On 25 January 2006, Israel brought 21 charges against Vanunu for the hundreds of interviews he gave with foreign media in 2004.
On 30 April 2007, the Jerusalem Magistrate's Court, convicted Vanunu on 14 [out of 21] counts of violating a court order prohibiting him from speaking to foreign journalists in 2004. Vanunu was also convicted for traveling the four miles from Jerusalem to Bethlehem when he hoped to attend Christmas Eve mass at the Church of the Nativity, his first Christmas after being released from 18 years in jail [most of it in solitary] on April 21, 2004.
On 2 July 2007, Israel sentenced Vanunu to six more months in jail for speaking to foreign media in 2004.
On 23 September 2008, the Jerusalem
District Court reduced Vanunu's sentence to three months, "In light of
(Vanunu's) ailing health and the absence of claims that his actions put the country's
security in jeopardy."
In 2010, he served a sentence of 78
days in solitary confinement.
A few weeks after, Vanunu relocated to Tel Aviv where he is "regarded as a Spy, Traitor, Enemy."
On 4 October 2010, the International League for Human Rights-FIDH/AEDH Germany, announced Vanunu was awarded the 2010 Carl-von-Ossietzky-Medal and an international campaign was launched to assure he be at the Award Ceremony, in Berlin on December 12, 2010. As Israel denied Vanunu the right to attend the ceremony was renamed a protest and went on as planned- but with an empty chair where Vanunu should have been.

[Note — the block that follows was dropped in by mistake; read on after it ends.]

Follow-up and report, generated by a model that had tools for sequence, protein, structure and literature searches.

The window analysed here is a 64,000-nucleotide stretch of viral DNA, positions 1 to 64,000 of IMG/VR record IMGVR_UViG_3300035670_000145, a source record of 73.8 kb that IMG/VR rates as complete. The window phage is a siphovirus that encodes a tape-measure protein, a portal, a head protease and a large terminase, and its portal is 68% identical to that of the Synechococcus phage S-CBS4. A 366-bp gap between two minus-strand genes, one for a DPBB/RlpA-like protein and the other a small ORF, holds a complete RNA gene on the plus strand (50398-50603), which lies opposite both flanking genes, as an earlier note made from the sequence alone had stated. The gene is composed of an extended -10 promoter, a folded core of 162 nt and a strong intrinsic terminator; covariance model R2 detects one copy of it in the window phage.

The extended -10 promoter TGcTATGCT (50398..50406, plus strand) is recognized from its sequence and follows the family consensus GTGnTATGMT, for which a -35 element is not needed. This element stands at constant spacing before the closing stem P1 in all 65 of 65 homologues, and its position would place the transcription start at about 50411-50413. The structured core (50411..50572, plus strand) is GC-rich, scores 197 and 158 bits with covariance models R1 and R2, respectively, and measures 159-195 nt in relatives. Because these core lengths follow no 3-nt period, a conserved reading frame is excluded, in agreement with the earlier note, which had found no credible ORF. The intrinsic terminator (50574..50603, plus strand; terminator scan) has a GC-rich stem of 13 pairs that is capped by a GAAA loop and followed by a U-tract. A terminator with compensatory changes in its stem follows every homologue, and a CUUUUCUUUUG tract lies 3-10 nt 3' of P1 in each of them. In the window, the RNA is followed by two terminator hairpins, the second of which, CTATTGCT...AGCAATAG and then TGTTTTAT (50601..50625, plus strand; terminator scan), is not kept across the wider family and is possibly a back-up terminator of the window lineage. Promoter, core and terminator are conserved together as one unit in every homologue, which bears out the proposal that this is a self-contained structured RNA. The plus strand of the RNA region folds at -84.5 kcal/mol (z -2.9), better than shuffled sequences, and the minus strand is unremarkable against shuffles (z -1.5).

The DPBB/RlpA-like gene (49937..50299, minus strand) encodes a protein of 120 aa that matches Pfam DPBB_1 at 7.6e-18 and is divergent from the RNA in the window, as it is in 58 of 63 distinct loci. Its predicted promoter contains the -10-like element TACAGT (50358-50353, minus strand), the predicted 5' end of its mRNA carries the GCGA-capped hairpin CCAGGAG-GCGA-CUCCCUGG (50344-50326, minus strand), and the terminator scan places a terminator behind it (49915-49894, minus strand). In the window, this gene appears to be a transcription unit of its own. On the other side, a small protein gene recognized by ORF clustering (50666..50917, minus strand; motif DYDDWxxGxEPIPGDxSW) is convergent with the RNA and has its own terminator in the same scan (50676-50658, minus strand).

On 11 October 2010, Vanunu returned to the Supreme Court seeking to rescind the restrictions that have denied him the right to leave Israel.
Israel DENIED his right to even appeal!
On 29 March 2011, Israel's parliament passed a law that allows courts to revoke the citizenship of anyone with dual citizenship convicted of spying or treason.
Vanunu was born and lived in Morocco
until he was 9; and time will tell if his legal team will seize this
opportunity to seek his deportation back to his homeland.
In 1987 from Ashkelon prison, Vanunu wrote